Charles W. “Gus” Garnham – Captain, United States Army

From a contemporary press report: 3 April 2001

With his powerful and accurate arm, Charles W. “Gus” Garnham became a hometown hero when he led his high school football team to the City League football championship in 1935.

During World War II, the skills he'd honed as a quarterback at South Hills High would serve a deadlier purpose, enabling him to lob grenades with precision into machine gun nests of Nazis. Those efforts brought him a Distinguished Service Cross — the nation's second-highest award for heroism  — and a wound that stiffened his right leg for the rest of his life.

Mr. Garnham, who lived in Carrick, Pennsylvania, and worked for more than 30 years for the Pittsburgh Post-Gazette, died of Alzheimer's disease Saturday in Country Meadows of South Hills, South Fayette. He was 83.

Mr. Garnham grew up in Mount Oliver, Pennsylvania. After graduating from high school in 1936, he worked as a machinist's helper at the Post-Gazette, where his father, the late Charles E. Garnham, was a printer. He remained there until June 1941, when he enlisted in the Army.

Mr. Garnham served in France and Italy. He was wounded for the first time when a machine gun bullet struck his helmet in December 1943. The next June, Mr. Garnham — who by then held the rank of lieutenant — was again wounded after he and his platoon were assigned to defeat German soldiers entrenched in the walled Italian city of Magliano.

For his actions on June 13, 1944, Mr. Garnham was awarded the Distinguished Service Cross. According to his Army citation and news accounts, Mr. Garnham found the east and south walls of the city heavily guarded, so he and his troops instead sneaked to the rear, northern wall and used ladders to climb it and jump onto roofs inside the city.

Mr. Garnham, who was first to scale the wall, hurled a grenade into the nearest machine gun nest and destroyed it. When Nazis who survived the blast turned and charged, Mr. Garnham shot and killed two of them and wounded a third.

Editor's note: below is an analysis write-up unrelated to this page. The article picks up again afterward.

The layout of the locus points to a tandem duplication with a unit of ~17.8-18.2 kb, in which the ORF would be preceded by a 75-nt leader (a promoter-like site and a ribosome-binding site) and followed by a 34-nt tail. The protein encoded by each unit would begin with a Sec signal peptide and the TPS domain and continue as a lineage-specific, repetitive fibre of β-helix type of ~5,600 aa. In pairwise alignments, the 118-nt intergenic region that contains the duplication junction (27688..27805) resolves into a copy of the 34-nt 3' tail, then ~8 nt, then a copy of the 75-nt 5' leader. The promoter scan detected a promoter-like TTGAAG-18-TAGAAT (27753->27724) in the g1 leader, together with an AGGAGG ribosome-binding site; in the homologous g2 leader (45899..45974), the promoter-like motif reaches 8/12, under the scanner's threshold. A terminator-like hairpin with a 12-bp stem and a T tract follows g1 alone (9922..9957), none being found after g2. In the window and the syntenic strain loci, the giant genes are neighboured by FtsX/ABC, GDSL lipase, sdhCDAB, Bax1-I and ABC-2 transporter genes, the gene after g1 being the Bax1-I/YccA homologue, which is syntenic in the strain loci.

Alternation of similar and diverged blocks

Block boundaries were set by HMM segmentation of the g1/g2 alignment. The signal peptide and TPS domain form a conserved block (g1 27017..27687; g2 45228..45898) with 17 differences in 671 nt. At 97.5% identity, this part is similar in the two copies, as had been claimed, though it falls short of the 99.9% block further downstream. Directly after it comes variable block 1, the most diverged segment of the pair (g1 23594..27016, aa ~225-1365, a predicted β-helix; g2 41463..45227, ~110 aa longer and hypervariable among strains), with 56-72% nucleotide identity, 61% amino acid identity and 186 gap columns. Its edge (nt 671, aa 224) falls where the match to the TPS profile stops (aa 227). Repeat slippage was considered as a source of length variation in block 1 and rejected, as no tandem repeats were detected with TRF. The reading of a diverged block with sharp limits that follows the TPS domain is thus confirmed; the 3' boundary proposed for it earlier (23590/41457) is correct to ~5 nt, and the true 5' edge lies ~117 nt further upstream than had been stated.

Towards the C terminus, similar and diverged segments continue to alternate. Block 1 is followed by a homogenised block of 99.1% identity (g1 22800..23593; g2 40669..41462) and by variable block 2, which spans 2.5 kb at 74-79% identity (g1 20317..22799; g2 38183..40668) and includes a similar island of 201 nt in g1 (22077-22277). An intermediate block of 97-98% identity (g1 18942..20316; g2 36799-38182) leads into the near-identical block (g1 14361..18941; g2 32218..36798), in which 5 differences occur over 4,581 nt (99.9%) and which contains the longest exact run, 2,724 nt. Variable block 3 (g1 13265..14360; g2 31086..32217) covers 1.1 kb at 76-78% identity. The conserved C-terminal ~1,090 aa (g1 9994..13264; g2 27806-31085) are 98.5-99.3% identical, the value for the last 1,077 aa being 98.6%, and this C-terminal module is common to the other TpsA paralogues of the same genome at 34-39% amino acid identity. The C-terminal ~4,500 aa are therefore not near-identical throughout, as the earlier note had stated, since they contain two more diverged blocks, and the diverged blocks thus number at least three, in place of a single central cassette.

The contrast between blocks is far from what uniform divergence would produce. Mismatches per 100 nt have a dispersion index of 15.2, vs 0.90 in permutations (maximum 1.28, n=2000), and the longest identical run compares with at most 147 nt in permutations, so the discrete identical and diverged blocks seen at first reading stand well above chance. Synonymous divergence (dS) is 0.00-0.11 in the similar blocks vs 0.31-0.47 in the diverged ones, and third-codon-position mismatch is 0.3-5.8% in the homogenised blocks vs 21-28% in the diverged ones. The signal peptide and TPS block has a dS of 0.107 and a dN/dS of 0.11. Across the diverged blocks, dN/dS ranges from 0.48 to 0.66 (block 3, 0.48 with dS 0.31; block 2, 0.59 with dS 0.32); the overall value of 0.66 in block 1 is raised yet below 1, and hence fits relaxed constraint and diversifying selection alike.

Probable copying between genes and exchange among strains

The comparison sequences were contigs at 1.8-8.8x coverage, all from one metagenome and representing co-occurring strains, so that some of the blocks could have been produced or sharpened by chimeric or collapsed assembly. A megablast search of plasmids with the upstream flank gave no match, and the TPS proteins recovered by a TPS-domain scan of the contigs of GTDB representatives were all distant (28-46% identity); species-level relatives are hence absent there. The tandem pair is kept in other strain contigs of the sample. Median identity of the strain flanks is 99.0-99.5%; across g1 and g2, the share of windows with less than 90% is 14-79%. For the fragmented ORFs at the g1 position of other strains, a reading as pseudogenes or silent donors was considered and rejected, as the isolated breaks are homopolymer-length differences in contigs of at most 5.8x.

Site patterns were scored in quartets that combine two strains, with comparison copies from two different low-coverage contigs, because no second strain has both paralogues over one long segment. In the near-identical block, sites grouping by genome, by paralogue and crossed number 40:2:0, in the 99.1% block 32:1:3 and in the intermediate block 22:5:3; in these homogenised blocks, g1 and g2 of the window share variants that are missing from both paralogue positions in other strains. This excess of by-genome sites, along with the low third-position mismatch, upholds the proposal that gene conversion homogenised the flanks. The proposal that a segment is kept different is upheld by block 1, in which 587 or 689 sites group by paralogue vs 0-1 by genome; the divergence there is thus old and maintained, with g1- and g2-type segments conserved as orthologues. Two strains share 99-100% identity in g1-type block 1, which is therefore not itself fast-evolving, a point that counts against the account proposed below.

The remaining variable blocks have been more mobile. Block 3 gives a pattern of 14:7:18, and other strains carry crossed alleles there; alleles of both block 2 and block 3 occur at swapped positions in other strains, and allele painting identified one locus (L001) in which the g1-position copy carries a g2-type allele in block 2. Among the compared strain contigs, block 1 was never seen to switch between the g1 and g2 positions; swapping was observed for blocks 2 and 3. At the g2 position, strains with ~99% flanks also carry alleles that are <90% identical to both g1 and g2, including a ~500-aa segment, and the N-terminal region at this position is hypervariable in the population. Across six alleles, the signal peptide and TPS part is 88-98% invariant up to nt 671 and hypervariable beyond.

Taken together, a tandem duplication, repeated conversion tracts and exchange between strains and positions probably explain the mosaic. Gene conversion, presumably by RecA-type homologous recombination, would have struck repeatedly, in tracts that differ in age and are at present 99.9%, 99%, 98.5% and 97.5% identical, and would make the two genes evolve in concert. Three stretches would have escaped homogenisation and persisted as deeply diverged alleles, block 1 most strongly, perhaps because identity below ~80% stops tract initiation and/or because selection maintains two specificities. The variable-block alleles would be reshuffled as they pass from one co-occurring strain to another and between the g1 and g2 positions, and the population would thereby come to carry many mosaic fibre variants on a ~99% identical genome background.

“During the furious gun fight that followed, he continued to effectively fire his carbine and throw hand grenades for several hours,” his citation states. Mr. Garnham, who was seriously wounded in the leg and thigh, captured seven people who'd hidden in a building and was credited with enabling U.S. soldiers to capture the city.

After the war, Mr. Garnham returned to the Post-Gazette, where he worked for 27 years as a circulation route manager on the South Side.

Although his right leg remained stiff and sometimes painful as a result of his war wound, he seldom talked about his injury or the events that led to it.

He kept his medal, along with two Purple Hearts and a Silver Star, in plain black boxes tucked in his dresser drawer. He supported veterans' organizations but didn't participate in parades or activities that would have highlighted his wartime service.

“He was very, very quiet about it,” said his daughter, Cynthia Dilla of Brentwood. “As brave as I understand he was, that's how private he was about it. He truly was crippled after the war but he never let on or talked about what happened.”

Mr. Garnham retired from the Post-Gazette in 1973, then spent every possible day playing golf at South Park.

When the weather here turned too cold for his beloved sport, he and his wife headed for courses in the South, his daughter said.

Only in the last days of his life, when his illness had overtaken his thoughts, did he finally begin to talk about the war, his injury and his memories.

“He fought the war out loud many, many times at the end when he was suffering from Alzheimer's,” Dilla said. But by then, he was unable to answer the questions that the people who loved him would have liked to ask.

In addition to Dilla, Mr. Garnham is survived by his wife, Norma Jean Garnham of Carrick; daughter Claudia Goetz of San Francisco; brother Edward Garnham of Carnegie; and three grandchildren.

Burial will be April 13, 2001 in Arlington National Cemetery.

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